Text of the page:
University of FloridaSolutions for Your Life

Download PDF
Publication #FCS2317

ADHD in Early Childhood: Part 2 - Information for Preschool Teachers1

Heidi Liss Radunovich and Allie Munch2

This publication is the second in a two-part series about ADHD in early childhood. For the first publication in the series, see FCS2316/FY1329 ADHD in Early Childhood: Part 1 - Understanding ADHD in Preschoolers (

What do we know about ADHD in early childhood?

In recent years, there has been greater awareness of the diagnosis of Attention-Deficit/Hyperactivity Disorder (ADHD). Although many things are still not known about the causes of ADHD, research suggests that it is a brain-based disorder. Children who have this disorder may show attention problems (e.g., having difficulty focusing), hyperactive behavior (e.g., having difficulty sitting still), and impulsivity (e.g., not thinking before acting). Symptoms are often present in early childhood, but many symptoms could be confused with normal development for that age, or with developmental lags. For more information about ADHD in general, please see the EDIS publication FCS2314/FY001 Attention-Deficit/Hyperactivity Disorder at (Evans and Radunovich, 2006), and for information about ADHD in the preschool years, see FCS2316/FY1329 ADHD in Early Childhood: Part 1 - Understanding ADHD in Preschoolers at (Munch and Radunovich, 2012).

Figure 1. 

Preschool teachers should be aware of ADHD symptoms and should talk with a child’s parents if they believe a child should be tested for ADHD.



[Click thumbnail to enlarge.]

How can you recognize ADHD in children in the preschool setting?

Instructing children with ADHD can be a difficult task for many teachers, especially for those in the child care or preschool setting. Children with ADHD are often identified because they show problem behaviors in preschool. Problem behaviors exhibited by children with ADHD might include but are not limited to the following:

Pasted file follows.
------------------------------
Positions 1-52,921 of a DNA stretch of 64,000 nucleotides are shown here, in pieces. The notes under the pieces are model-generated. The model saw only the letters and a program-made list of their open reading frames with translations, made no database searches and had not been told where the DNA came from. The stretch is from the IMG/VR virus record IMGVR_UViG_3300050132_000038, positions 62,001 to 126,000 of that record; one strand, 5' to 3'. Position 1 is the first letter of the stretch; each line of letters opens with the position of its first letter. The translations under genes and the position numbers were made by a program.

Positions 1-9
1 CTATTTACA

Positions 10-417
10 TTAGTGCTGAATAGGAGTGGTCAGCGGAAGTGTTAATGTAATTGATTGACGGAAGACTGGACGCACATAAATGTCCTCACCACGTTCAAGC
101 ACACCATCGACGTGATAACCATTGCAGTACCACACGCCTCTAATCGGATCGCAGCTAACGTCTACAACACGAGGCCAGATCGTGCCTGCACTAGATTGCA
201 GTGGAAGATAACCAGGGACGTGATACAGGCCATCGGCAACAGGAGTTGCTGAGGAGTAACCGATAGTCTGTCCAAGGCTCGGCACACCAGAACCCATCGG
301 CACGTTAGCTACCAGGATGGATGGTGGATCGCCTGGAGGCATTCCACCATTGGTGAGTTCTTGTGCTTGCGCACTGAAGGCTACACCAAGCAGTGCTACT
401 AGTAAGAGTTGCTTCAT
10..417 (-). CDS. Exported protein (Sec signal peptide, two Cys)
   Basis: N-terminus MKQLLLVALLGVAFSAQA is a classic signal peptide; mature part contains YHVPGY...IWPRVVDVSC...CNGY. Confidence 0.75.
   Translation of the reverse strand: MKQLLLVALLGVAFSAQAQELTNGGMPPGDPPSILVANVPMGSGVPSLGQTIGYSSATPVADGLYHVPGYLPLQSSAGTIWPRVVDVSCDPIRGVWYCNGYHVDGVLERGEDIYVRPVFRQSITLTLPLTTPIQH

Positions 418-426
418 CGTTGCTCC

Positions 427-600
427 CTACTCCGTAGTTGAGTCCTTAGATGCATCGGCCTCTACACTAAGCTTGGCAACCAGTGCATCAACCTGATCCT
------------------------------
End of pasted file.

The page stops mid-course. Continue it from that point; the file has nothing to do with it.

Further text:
• Not following directions

  • Not paying attention

  • Being off task

  • Excessive movement

  • Excessive talking

  • Being a constant annoyance

  • Being physically and verbally inappropriate to others (e.g., reacting physically without thinking, or speaking negatively without thinking).

Additionally, children with ADHD often require more reminders and redirection than their classmates. Classroom management is important because young children need structure, routine, and familiarity in order to make the most of their early learning experiences, and this is especially true for children who have ADHD. The problem behaviors of these children often negatively affect their early childhood education.

Teachers may feel as though the increased classroom disruption by children with ADHD can impact the learning of others in the classroom. Having to give extra attention to those children makes it harder for teachers to monitor and interact with other children in the class. If teachers constantly have to stop what they are doing to reprimand or redirect children who have ADHD, they may feel as though they are wasting valuable class time.

What should you do if you suspect that a child in your classroom has ADHD?

Early childhood educators should be aware of ADHD symptoms so that they can spot the signs of the disorder. Keeping detailed notes about a child’s behavior can be helpful when reporting symptoms to parents or mental health professionals. If a child’s behavior suggests he or she may have ADHD, teachers should notify the parents. Instead of stating that ADHD is a likely problem, teachers should provide concrete examples of problematic behaviors occurring at school and ask if those behaviors also occur at home. For example, “John seems to have a much harder time staying still than the other children. Do you also see that at home?” or “Mary can’t seem to pay attention very well. Have you also found that to be the case?” Collaborate with parents when discussing a possible diagnosis. In order to get a diagnosis of ADHD, symptoms must be present in at least two separate settings (most likely both at preschool and at home). If problems are occurring both at home and school, you may want to suggest that parents complete a free screening tool for ADHD at home and then compare results to the behaviors seen at school (see the online resources section for an example of a good screening tool). If both teachers and parents agree that a child has symptoms of ADHD, parents should have the child evaluated by a pediatric mental health professional.